Testing and characterization of fatigue crack growth are used extensively to predict the rate at which subcritical cracks grow due to fatigue loading. ASTM standard E 647 is the accepted guideline for fatigue crack growth testing (FCGR) and is applicable to a wide variety of materials and growth rates. The two most widely used types of specimens are the middle-crack tension and compact-type specimens. This article describes the factors affecting the selection of appropriate geometries of these specimens: consideration of material availability and raw form, desired loading condition, and equipment limitations. Various crack measurement techniques, including optical, ultrasonic, acoustic emission, electrical, and compliance methods, are also reviewed. The article discusses the two major aspects of FCGR test analysis: to ensure suitability of the test data and to calculate growth rates from the data.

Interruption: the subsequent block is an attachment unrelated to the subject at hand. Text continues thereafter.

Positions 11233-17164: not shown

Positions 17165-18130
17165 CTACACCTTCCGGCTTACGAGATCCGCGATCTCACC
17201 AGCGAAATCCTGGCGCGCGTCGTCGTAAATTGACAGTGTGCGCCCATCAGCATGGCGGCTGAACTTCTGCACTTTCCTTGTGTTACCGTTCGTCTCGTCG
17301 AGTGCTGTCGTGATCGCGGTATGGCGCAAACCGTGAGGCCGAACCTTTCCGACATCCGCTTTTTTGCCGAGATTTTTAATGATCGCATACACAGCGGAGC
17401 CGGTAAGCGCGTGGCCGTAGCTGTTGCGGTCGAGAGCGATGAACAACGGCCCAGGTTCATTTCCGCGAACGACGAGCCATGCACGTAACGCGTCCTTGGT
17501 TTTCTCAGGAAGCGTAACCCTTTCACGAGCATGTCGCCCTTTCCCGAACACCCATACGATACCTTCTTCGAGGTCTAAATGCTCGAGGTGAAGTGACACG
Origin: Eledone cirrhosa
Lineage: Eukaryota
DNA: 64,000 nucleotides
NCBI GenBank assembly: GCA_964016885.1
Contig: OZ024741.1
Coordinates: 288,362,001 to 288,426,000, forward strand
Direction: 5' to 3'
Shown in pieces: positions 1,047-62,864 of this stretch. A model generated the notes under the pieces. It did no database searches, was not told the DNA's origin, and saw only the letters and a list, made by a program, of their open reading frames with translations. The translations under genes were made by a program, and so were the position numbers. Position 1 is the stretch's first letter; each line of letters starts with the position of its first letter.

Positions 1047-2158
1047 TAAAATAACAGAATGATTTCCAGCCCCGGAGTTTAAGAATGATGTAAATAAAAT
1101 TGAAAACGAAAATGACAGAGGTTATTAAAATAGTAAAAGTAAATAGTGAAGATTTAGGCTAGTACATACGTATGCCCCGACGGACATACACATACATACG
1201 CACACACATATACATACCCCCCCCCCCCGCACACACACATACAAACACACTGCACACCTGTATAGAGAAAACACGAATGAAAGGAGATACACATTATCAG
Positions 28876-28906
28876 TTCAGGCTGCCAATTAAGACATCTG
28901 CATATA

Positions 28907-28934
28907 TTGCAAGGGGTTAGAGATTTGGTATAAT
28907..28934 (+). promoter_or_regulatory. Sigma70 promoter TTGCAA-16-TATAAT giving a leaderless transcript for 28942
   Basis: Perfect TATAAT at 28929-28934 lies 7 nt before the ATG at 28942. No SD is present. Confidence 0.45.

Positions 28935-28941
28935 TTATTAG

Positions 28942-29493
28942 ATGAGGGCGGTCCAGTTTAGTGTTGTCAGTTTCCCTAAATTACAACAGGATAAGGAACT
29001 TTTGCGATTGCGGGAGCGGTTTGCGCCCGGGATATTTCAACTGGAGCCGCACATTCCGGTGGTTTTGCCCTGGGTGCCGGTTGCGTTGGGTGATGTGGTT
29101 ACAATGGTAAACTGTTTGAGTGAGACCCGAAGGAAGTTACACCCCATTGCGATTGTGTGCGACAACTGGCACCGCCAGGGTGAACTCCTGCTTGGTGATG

This article describes the fracture mechanics in fatigue. It discusses the fatigue crack growth rate (FCGR) testing that consists of several steps, beginning with selecting the specimen size, geometry, and crack length measurement technique. The two major aspects of FCGR test analysis are to ensure suitability of the test data and to calculate growth rates from the data. The article presents an analysis of the crack growth data. Optical, compliance, and electric potential difference are the most common laboratory techniques, and the article reviews their merits and limitations. Forced-displacement, forced-vibration, rotational-bending, resonance, and servomechanical systems for various loading conditions are also discussed.